At the age of fifty-six, Balfe gave up his thespian life for that of a farmer, though he still devoted some time to composition. His reputation rests on his ability to write simple yet affecting melodies of great charm, though his lack of self-criticism has counted against the success of his music today. He did have great geniality and a sense of humour: when asked if he borrowed from other men’s works, he astonishingly admitted to pinching the odd bit of Beethoven: “You can’t do better”, he gleefully replied, “than to go to the fountain head, and come away with a cupful! There are two composers I’ve never scrupled to borrow from — one’s Beethoven, the other’s meself! [sic.]”
Fact is often stranger than fiction. If the life of William Vincent Wallace (1812–1865) were turned into an opera, it would be too unbelievably melodramatic for words. Born in Waterford, Ireland, he began his career as a violinist, playing at the Theatre Royal in Dublin, becoming a brilliant soloist whilst making a name as a composer as well. He married, left Ireland (in 1835) with his wife and her sister (with whom he had an affair), and started a new life in Australia. His life might have ended here, for, whilst visiting New Zealand, he was almost killed by native cannibals twice; the second time he was saved only through a romantic rescue by a chief’s daughter. Following these events, he was one of only three Europeans to survive a mutiny whilst on a whaling voyage in the South Seas. He eventually left Australia, deserting his wife and son, and also leaving behind considerable debt. During his extensive travels, he received high honours from princes in India (where he also shot tigers) and became famous for his Grand Mass in Mexico.
In America, where he escaped death from an exploding steamboat, he lost a lot of money in tobacco and the piano business, but on the plus side gained another wife. On returning to England in 1845, he wrote his biggest success, Maritana, which proved to be his masterpiece. Although several operas followed, he only achieved success again with Lurline, but soon after his health declined — he had several heart attacks — and was ordered by his doctors to the south of Europe, where he died. Any opera plot is believable after all that.
Arthur Seymour Sullivan (1842–1900) scarcely needs any introduction. His sparkling comic operas have largely remained in the repertoire ever since their premieres from the 1860s to the 1890s. Like Offenbach, Sullivan longed for success as a “serious” composer and, whilst his true genius is found in his comic operas, there is no doubting the fine moments in his serious operas, of which an example, from Ivanhoe, is recorded here. The Rose of Persia was Sullivan’s last operetta and shows his brilliance stayed with him to the end.
Michael Philip Faraday is virtually forgotten today: little of his life is documented, except that for a time he ran London’s Lyric Theatre, and was one of the smartest and most expert rating surveyors in London! He composed at least one musical comedy for which he is remembered, Amasis.
Wallace’s Lurline (libretto: Edward Fitzball) was written in the Grand Romantic opera tradition, its Teutonic setting reinforced by the influence of Weber and Mendelssohn and even a hint of Wagner. The story is of a Nymph of the Rhine (Lurline), who passionately loves Count Rudolf, but is thwarted by all sorts of problems. Happily, her magic harp comes to the rescue and all ends well. ‘The Naiad’s Spell’ (track 16) recounts Lurline’s love of Rodolfo in a waltz rhythm, whilst the stormy ‘The Night Winds’ (track 1) conveys her despair at the supposed betrayal of her love. Although premiered at Covent Garden in 1860, Lurline was originally commissioned by the Paris Opera in 1848, and allegedly staged as Loreley in Germany in 1854, then revised. In 1859, Wallace assigned all the rights to the work to the Pyne-Harrison company for ten shillings (which he flamboyantly presented to the stage carpenter) — and then had to endure the horror of watching the company net over £50,000!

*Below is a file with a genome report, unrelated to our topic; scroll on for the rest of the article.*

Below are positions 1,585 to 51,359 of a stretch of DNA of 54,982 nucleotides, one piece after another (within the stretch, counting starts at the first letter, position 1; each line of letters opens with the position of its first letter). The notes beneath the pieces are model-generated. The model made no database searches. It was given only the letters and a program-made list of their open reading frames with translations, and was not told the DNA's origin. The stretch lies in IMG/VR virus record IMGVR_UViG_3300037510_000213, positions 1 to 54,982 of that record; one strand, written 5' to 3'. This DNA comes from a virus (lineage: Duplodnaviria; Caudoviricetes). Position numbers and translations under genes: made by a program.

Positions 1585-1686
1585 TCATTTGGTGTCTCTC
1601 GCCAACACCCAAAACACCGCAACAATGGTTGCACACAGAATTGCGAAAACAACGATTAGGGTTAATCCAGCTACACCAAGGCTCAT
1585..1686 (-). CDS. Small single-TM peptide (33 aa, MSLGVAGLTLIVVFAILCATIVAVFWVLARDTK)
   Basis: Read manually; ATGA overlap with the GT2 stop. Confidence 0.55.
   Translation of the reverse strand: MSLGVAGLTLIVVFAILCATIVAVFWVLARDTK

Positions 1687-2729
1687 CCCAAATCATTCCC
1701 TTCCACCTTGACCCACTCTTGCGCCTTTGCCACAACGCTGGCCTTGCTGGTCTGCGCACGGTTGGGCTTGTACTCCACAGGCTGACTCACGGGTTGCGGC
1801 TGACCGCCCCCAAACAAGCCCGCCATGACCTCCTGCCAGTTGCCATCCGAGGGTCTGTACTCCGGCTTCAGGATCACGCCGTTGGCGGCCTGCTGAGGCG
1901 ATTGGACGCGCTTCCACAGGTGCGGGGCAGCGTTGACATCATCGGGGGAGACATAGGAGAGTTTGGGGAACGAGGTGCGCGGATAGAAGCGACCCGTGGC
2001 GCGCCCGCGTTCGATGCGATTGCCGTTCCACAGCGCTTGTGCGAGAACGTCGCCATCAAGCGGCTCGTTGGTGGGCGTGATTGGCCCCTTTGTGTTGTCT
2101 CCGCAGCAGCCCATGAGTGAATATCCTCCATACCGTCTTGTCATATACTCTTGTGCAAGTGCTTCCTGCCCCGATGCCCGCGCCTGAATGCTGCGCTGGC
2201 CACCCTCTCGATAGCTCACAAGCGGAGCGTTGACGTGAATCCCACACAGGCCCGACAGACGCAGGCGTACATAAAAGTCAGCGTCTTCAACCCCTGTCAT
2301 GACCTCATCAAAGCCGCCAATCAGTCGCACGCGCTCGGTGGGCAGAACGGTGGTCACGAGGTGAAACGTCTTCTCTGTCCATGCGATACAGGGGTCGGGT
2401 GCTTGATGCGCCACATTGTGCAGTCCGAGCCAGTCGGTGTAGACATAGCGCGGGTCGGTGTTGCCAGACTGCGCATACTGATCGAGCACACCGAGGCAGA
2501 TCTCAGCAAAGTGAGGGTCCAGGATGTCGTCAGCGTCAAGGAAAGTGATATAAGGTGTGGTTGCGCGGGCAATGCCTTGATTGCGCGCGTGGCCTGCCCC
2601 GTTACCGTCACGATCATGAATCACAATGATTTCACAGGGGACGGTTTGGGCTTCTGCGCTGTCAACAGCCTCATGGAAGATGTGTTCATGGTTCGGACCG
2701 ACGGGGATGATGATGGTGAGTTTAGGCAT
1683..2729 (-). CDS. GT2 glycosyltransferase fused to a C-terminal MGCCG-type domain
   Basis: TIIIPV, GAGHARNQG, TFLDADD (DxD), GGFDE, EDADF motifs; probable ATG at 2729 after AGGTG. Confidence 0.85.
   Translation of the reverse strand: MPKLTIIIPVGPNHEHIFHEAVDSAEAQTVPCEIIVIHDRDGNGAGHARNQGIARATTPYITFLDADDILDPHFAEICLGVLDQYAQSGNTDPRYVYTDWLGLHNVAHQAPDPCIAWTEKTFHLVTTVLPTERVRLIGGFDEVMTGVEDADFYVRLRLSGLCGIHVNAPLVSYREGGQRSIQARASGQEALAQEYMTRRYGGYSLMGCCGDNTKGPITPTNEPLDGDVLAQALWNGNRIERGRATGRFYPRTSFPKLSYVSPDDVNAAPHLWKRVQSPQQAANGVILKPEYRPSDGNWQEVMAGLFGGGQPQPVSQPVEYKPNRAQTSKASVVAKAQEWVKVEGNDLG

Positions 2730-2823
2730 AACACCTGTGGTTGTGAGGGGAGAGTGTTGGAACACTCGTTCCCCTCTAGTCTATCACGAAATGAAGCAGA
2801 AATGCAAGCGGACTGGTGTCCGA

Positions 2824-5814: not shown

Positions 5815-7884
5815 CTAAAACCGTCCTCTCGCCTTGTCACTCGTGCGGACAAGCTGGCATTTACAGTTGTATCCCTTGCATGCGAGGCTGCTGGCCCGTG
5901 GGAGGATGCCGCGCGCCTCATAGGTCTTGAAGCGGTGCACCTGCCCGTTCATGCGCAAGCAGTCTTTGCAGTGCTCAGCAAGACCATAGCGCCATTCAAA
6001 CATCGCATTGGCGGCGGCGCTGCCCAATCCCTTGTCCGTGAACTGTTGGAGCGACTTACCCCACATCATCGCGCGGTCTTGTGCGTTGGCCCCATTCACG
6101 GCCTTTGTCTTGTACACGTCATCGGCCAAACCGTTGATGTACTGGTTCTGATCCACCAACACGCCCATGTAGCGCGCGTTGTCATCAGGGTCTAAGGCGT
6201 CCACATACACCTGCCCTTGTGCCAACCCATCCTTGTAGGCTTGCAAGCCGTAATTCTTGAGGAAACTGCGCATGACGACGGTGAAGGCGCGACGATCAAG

In The Talisman, Balfe modelled his writing even more on current Italian trends and produced a work very much in Verdi’s middle period style. Balfe took enormous trouble over this, his final opera, which is based on Sir Walter Scott’s work of the same name. Alas, it was left unfinished on his death in 1870, but performed in an Italian translation as Il Talismano at Drury Lane in 1874 (tracks 2&5).
It is not surprising that Wallace’s Maritana (libretto: Edward Fitzball) was so successful. Its plot — concerning the eponymous heroine and Don Caesar de Bazin, set against the backdrop of the intrigues of the Spanish Court — provides plenty of melodrama, whilst the score brims with vitality and memorable tunes. Together with The Bohemian Girl and The Lily of Killarney (Benedict), it forms what is rather wickedly known as the “English Ring”. ‘Tis The Harp In The Air’ (track 3), a charmingly delicate aria sung by Maritana, is said to have been inspired by the composer’s first wife’s harp-playing during a lesson in 1830 at the Convent of Thurles. The opera’s most famous tune is ‘Scenes That Are Brightest’ (track 8): the words were by Alfred Bunn, who aspired during his management of London’s Drury Lane Theatre (1835–47) to make a permanent home for English opera, and Maritana was premiered there in 1845. It is a wonderfully sentimental piece which holds its place in the repertoire today.